On my recent visit to the Midwest Poultry Federation Convention, the supply of eggs for California in 2015 was a hot topic of conversation. There seems to be two schools of thought on what will happen in California after the January 1, 2015, implementation of Proposition 2. One group projects that California authorities will not be able to enforce state laws requiring that shell eggs brought into the state must meet Proposition 2 standards and this will result in a California marketplace with an ample supply of shell eggs and with California producers operating at a competitive disadvantage. 

Another group thinks that California retailers and foodservice outlets will want to purchase Proposition 2-compliant eggs, but that there will be a shortage of Proposition 2-compliant eggs. In this scenario, if retailers and foodservice outlets hold the line and don’t buy eggs that aren’t Proposition 2-compliant, then egg prices in California would rise and California egg producers would be able to recover their additional production costs. The estimates that I have seen are that the shortage of Proposition 2-compliant hens to serve the California market could range between 3 million and 5 million head early in 2015, or between 12 and 20 percent of the current number of hens needed to serve the shell egg needs of California.

If someone pays, someone sues

When U.S. egg producers voluntarily gave hens more room in conventional cages as part of the United Egg Producers (UEP) Certified animal welfare program, egg prices rose temporarily until houses were built to offset the production lost when egg producers put fewer birds in existing cages. Class action lawsuits were filed on the behalf of wholesale egg purchasers against egg producers because of the increase in the wholesale egg price. The theory was that UEP members had decided to adopt the scientific advisory committee’s recommended housing density standard of 67 square inches per bird not to improve bird welfare, but rather to restrict production of eggs and raise prices. Some egg producers have decided to settle, rather than fight these lawsuits. Most notably, Cal-Maine agreed to pay $25 million as part of a settlement agreement.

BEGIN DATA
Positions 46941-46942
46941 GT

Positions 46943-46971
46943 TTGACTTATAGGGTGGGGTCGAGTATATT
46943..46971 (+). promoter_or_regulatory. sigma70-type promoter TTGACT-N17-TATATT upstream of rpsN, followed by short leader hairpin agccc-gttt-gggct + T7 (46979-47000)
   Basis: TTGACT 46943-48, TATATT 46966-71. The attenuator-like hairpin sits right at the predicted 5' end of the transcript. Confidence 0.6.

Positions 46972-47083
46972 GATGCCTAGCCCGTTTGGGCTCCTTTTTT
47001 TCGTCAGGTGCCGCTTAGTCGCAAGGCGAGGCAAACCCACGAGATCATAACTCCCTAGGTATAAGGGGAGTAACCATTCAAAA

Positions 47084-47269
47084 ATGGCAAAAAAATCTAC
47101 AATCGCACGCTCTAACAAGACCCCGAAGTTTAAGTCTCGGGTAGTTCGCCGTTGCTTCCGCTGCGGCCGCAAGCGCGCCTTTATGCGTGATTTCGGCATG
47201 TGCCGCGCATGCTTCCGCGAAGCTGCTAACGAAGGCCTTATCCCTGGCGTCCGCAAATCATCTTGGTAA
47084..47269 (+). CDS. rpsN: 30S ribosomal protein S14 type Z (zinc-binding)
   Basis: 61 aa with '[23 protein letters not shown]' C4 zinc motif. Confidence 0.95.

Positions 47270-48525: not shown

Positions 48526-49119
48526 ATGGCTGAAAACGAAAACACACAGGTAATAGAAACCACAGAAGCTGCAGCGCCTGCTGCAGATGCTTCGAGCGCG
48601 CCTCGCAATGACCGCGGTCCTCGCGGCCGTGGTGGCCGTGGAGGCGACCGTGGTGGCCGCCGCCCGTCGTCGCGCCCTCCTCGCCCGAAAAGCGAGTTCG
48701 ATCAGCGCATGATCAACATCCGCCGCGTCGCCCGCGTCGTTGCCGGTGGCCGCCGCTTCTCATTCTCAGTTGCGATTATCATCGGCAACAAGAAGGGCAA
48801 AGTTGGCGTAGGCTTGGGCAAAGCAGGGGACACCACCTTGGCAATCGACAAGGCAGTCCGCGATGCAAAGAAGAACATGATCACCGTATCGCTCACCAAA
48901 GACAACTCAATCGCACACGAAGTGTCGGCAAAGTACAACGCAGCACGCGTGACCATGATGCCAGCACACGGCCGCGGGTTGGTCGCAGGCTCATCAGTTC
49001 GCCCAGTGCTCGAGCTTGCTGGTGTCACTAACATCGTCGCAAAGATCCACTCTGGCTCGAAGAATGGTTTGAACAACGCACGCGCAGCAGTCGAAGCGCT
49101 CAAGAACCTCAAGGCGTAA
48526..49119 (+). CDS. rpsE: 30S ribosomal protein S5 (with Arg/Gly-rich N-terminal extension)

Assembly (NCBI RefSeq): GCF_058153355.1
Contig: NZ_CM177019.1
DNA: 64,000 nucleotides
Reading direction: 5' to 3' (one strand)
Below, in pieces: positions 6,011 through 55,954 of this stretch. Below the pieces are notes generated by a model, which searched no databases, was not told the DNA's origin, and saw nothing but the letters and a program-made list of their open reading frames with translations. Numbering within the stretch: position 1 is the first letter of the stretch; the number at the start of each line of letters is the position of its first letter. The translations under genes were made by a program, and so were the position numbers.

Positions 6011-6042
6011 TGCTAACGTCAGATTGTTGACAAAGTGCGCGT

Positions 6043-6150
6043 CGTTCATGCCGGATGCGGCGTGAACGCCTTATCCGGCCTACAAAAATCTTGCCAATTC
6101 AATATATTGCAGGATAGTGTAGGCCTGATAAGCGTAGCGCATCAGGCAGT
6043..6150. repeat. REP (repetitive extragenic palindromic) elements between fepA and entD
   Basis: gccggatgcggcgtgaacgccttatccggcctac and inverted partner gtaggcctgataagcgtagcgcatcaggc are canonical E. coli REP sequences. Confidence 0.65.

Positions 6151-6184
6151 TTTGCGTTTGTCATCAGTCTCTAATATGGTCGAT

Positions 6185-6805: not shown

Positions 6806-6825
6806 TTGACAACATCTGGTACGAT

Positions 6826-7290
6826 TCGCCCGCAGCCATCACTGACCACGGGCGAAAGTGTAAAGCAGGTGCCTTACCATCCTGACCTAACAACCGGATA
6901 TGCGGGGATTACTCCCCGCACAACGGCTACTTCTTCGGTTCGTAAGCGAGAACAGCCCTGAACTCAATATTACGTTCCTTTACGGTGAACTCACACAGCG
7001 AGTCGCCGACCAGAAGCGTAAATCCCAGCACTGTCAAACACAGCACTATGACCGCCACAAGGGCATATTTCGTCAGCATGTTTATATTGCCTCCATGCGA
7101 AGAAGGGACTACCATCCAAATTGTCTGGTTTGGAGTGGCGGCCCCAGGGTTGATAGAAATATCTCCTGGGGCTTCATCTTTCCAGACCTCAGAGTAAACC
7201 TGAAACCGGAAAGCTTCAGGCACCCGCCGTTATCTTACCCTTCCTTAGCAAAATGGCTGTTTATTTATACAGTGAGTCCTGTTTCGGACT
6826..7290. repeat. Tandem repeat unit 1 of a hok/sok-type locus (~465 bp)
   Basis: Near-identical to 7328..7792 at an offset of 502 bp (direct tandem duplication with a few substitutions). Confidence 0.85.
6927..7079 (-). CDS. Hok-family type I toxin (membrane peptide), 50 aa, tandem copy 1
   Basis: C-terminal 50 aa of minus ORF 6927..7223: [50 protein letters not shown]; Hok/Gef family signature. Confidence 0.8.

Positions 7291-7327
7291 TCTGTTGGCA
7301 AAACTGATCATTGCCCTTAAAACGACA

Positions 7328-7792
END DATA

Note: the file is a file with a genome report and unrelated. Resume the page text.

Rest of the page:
The Humane Society of the United States (HSUS) was the driving force behind the campaign to secure passage of Proposition 2 and was involved in crafting the proposition’s vague language. If there is a shortage of eggs in California next year and prices go up, this round of lawsuits shouldn’t target egg producers. This time, the class action crusaders should go after the group who is ultimately responsible for the isolation of the California egg market from the rest of the country, the reduction in the number of hens and the instigator of what could be a substantial jump in egg prices, HSUS. 

I’m not a lawyer, but my understanding is that you should always go after the party with the deepest pockets, and a quick look at the financial statements of HSUS shows that it can afford to pay - a lot. I don’t want egg prices to go sky high in California next year, but if they do, it sure would be nice if HSUS, the group that is the real culprit, got the blame and not egg producers. Whether the blame is adjudicated in the courtroom or just in the court of popular opinion, I'd like to see HSUS get what it deserves.